Tips on how to spot a puppy farm after large operation is discovered in Milton Keynes

    Unsuspecting families often buy from puppy farms after being duped into thinking the animal has come from a loving home.

    But in reality, these pups could have spent the start of their lives in a cramped, unsafe and unhygienic space surrounded by dozens of other animals. 

    Puppy farms are where dogs are constantly bred for profit. The dogs, and puppies, typically have health issues and have little to no human interaction. 

    Milton Keynes made national headlines earlier this week when an international puppy smuggling ring was discovered in the city.

    Last year, police executed warrants at a traveller site near Newport Pagnell and at Avon House in Bletchley and seized 54 dogs that were kept in lorry compartments and storage containers.

    Thirteen people appeared in court in relation to puppy farming and seven of those were given immediate jail terms totalling more than 18 years.

    READ MORE: International puppy smuggling ring based in Milton Keynes jailed for 18 years

    Following the news that a puppy farm was operating in the local area, it is important to keep an eye out for any red flags when buying a new pet. 

    The RSPCA has revealed how unethical breeders are using the internet and the increase in demand for puppies to make extra money. 

    "Dealers are using the internet to their advantage when it comes to advertising and selling farmed puppies," the animal welfare charity said. "87 percent of puppy trade calls we get are about animals bought over the internet."

    The RSPCA has outlined the tell-tale signs of puppy farms, which are: 

    - Dealers may use the same contact number on more than one advert. Try Googling the number to see if it has been used on any other puppy adverts.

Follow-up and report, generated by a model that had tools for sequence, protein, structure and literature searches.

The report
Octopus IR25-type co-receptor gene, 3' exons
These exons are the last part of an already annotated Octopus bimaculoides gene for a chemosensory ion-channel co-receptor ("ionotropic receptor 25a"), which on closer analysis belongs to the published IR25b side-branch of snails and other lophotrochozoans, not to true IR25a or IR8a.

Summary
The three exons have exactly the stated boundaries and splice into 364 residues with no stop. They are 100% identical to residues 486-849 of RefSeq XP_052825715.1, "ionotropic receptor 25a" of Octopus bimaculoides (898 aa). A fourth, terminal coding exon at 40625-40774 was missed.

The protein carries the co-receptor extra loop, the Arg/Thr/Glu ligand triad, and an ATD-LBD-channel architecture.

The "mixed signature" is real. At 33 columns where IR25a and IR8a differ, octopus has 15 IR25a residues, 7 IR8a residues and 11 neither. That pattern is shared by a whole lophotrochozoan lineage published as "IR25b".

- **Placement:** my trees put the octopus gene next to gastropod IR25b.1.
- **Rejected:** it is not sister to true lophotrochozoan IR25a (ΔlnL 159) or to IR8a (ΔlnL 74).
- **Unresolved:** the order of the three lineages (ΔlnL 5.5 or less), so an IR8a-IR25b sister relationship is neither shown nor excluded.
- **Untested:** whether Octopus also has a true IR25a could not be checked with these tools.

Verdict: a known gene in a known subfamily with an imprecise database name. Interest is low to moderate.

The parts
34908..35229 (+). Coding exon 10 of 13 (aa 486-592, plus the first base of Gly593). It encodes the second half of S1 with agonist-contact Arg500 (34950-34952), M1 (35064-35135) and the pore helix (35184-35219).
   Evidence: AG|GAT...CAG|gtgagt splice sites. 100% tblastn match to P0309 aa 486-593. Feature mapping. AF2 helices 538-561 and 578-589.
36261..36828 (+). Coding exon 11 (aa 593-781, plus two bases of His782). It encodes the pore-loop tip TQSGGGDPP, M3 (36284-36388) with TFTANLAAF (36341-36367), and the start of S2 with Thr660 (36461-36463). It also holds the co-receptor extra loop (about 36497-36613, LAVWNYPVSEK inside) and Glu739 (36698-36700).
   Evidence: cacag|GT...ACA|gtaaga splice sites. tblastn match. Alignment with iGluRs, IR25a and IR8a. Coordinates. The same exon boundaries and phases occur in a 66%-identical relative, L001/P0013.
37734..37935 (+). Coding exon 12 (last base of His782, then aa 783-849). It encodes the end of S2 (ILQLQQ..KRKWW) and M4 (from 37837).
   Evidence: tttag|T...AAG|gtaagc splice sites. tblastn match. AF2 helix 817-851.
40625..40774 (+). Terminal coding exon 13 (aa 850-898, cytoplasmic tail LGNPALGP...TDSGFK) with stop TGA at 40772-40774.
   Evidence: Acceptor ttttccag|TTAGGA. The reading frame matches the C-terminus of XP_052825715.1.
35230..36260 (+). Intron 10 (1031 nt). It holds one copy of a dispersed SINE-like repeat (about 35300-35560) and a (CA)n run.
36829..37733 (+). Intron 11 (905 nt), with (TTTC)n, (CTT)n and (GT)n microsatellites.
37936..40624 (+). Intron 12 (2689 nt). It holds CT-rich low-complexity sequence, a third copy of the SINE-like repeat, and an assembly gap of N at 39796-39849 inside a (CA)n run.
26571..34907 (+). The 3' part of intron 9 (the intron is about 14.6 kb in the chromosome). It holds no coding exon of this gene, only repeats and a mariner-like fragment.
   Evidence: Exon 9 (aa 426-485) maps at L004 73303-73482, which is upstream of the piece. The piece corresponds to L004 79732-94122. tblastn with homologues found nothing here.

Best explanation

- Descriptions may have been copied and pasted and used on more than one advert - try Googling the description and see if it has been used before, word-for-word.

    - Words like 'miniature' and 'teacup' can be a sign of dealers trying to capitalise on popular terms.

    - Photos of the puppies may have been used on other adverts. Right-click on the photo, select 'search Google for image' and see if it has been used on other ads.

    - If the advert says a puppy has been vaccinated - check how old he or she is. A puppy cannot be vaccinated before four to six weeks of age. So, if a person is advertising a three-week-old vaccinated puppy, they are lying.

    - If the puppy is advertised as having a passport, it has most probably been imported.

    - The RSPCA has seen dealers claim they are Kennel Club Registered to convey legitimacy - but be wary of this, ask for original documents and check with the kennel club before buying a puppy.

    - Promises of 'free insurance' and 'puppy packs' do not mean the advert is from a legitimate breeder.

    If you see a suspicious advert, please report it to the RSPCA so that they can investigate. 

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